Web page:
DDL conducts both accelerated aging testing and real time aging testing to help establish shelf life and expiration dates for medical devices, packaging and products.
When establishing shelf life claims, it must be recognized that the data obtained from accelerated aging testing is based on conditions intended to simulate the effects of aging on and between the materials involved. The resulting ‘expiration date’ or shelf life from accelerated aging testing is considered a conservative estimate. Real time aging test results are used to verify accelerated aging evaluations and together are used to determine final shelf-life claims/values.
Accelerated Aging Test for Shelf Life Validation
Accelerated aging testing is based on a thermodynamic temperature coefficient formulated by J.H. Van’t Hoff that states “for every ten degree Celsius rise in temperature the rate of chemical reaction will double.” However, since this formula is based on rate kinetics of a single chemical reaction, not on packages made up of various materials, the direct extrapolation of this theory to the aging of packaging materials must be used with caution.
The FDA and the package testing industry believe Van’t Hoff’s theory is useful in defining and justifying accelerated aging testing services. Temperature selection for an accelerated aging study should be determined by the temperature that avoids unrealistic failure conditions such as deformation due to melting. Real time aging must be performed in conjunction with any accelerated aging study to correlate the results found during accelerated aging.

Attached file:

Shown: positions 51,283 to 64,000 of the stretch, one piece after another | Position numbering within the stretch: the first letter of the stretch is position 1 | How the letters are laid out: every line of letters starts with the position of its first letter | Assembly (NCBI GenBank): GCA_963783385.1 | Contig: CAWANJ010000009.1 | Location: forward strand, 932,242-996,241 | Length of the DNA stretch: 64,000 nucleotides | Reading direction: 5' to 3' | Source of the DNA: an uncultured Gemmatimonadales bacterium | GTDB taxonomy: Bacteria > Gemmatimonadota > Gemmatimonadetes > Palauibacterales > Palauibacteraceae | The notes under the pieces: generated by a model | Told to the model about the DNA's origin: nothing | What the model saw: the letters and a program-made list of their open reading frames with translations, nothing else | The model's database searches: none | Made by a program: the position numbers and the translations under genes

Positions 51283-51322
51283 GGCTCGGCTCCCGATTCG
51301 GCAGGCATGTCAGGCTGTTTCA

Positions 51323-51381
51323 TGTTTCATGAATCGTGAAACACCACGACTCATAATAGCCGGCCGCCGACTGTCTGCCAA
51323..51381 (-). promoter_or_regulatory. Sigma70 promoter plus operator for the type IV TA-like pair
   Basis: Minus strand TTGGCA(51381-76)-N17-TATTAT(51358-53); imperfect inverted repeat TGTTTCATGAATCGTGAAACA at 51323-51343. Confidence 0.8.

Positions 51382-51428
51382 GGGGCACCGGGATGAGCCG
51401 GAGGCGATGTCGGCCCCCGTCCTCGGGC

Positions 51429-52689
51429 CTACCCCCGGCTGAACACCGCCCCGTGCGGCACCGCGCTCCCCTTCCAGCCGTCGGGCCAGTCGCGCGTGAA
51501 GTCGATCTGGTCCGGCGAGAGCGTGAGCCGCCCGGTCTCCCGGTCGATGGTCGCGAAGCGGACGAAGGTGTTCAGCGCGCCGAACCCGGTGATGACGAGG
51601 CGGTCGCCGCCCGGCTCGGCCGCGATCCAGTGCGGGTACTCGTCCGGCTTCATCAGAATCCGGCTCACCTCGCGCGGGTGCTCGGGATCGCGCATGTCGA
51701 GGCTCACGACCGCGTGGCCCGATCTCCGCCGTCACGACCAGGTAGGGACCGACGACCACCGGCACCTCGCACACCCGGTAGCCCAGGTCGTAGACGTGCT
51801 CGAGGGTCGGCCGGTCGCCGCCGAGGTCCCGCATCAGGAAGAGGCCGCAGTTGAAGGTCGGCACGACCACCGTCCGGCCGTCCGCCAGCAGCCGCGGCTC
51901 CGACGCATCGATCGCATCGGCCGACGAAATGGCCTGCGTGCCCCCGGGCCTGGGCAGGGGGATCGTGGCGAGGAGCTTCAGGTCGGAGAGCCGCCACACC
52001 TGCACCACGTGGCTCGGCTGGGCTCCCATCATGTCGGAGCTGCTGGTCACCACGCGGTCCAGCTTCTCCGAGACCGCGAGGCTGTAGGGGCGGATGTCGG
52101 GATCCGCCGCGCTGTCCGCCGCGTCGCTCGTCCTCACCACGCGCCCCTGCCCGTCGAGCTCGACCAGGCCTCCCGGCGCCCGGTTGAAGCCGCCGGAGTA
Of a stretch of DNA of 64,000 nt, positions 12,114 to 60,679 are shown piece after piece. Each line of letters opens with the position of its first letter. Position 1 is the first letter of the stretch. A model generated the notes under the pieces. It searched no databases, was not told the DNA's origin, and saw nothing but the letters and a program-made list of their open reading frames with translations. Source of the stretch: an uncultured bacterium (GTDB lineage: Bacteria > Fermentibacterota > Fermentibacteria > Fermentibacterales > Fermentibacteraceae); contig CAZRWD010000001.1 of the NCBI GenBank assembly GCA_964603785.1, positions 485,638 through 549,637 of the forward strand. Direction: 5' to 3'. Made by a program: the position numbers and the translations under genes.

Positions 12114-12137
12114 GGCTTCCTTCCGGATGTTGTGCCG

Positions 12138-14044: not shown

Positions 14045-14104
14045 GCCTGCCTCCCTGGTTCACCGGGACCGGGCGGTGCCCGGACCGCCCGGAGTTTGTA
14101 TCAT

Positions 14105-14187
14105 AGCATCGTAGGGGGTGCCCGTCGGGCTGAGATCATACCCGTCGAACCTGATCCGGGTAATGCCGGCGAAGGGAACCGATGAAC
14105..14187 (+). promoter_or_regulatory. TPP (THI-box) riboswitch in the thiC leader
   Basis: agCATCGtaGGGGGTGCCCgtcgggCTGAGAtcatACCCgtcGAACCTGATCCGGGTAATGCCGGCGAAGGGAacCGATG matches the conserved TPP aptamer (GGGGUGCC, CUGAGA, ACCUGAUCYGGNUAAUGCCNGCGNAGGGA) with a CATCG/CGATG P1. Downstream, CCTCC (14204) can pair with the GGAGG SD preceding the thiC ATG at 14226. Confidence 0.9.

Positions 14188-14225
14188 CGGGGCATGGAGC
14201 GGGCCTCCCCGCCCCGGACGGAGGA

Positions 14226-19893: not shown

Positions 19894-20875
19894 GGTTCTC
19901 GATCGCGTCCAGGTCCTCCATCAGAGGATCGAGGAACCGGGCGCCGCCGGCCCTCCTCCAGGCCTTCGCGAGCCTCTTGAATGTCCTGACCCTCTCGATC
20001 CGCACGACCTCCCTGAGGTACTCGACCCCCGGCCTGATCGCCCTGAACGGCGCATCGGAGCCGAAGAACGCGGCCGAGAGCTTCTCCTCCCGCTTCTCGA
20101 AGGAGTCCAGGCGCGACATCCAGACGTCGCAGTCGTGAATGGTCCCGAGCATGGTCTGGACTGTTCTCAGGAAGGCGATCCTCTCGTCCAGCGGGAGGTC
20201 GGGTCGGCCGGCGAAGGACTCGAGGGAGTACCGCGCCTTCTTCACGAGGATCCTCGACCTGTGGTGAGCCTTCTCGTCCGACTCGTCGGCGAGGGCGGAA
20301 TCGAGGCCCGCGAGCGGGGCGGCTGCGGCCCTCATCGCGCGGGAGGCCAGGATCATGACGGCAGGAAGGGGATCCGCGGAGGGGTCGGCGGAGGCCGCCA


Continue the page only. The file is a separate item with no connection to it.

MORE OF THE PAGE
DDL offers Accelerated Aging testing per ASTM F1980. Our technical experts can help you determine the best types of aging variables for your testing project.
Real Time Aging Testing
Real time aging is performed in parallel with accelerated aging in order to support and verify accelerated aging conclusions. It is recognized that in some cases products are technologically obsolete before a real time aging project can be completed.
The FDA provides guidance regarding medical device shelf life determination and advises manufacturers to consider several parameters including chemical and physical. The European Medical Device Directive (MDD) requires all sterile medical devices to have an expiration date. Documented shelf life evidence must exist to substantiate shelf life claims made by the manufacturer.
FAQs on Accelerated Aging
What is Accelerated Aging?
Accelerated Aging is a process of putting packaged products into a chamber, elevating the test temperature to claim a specific expiration date for a medical device product or package. ASTM-F1980 is meant for sterile medical packaging but many companies and or organizations have been using it to claim specific expiration dates for their products.
When to use it?
Primarily medical device manufacturers will use accelerated aging in their package validation to be in compliance with ISO 11607.
How does AA work?
ASTM-F1980 is the standard used for Accelerated Aging of Sterile Barrier Systems and Medical Devices. The theory itself is the Q10 theory, which stipulates that for every 10-degree increase it doubles the reaction rate of the materials. This Q10 factor came from the food industry. This is not an exact science but the FDA allows you to use this theory to get your products to market faster. But you will need to follow it up with real time aging. In doing so, you want to have conclusive evidence that you are not going to have issues with your package or product for that specific shelf life.
Can you use any temperature for AA?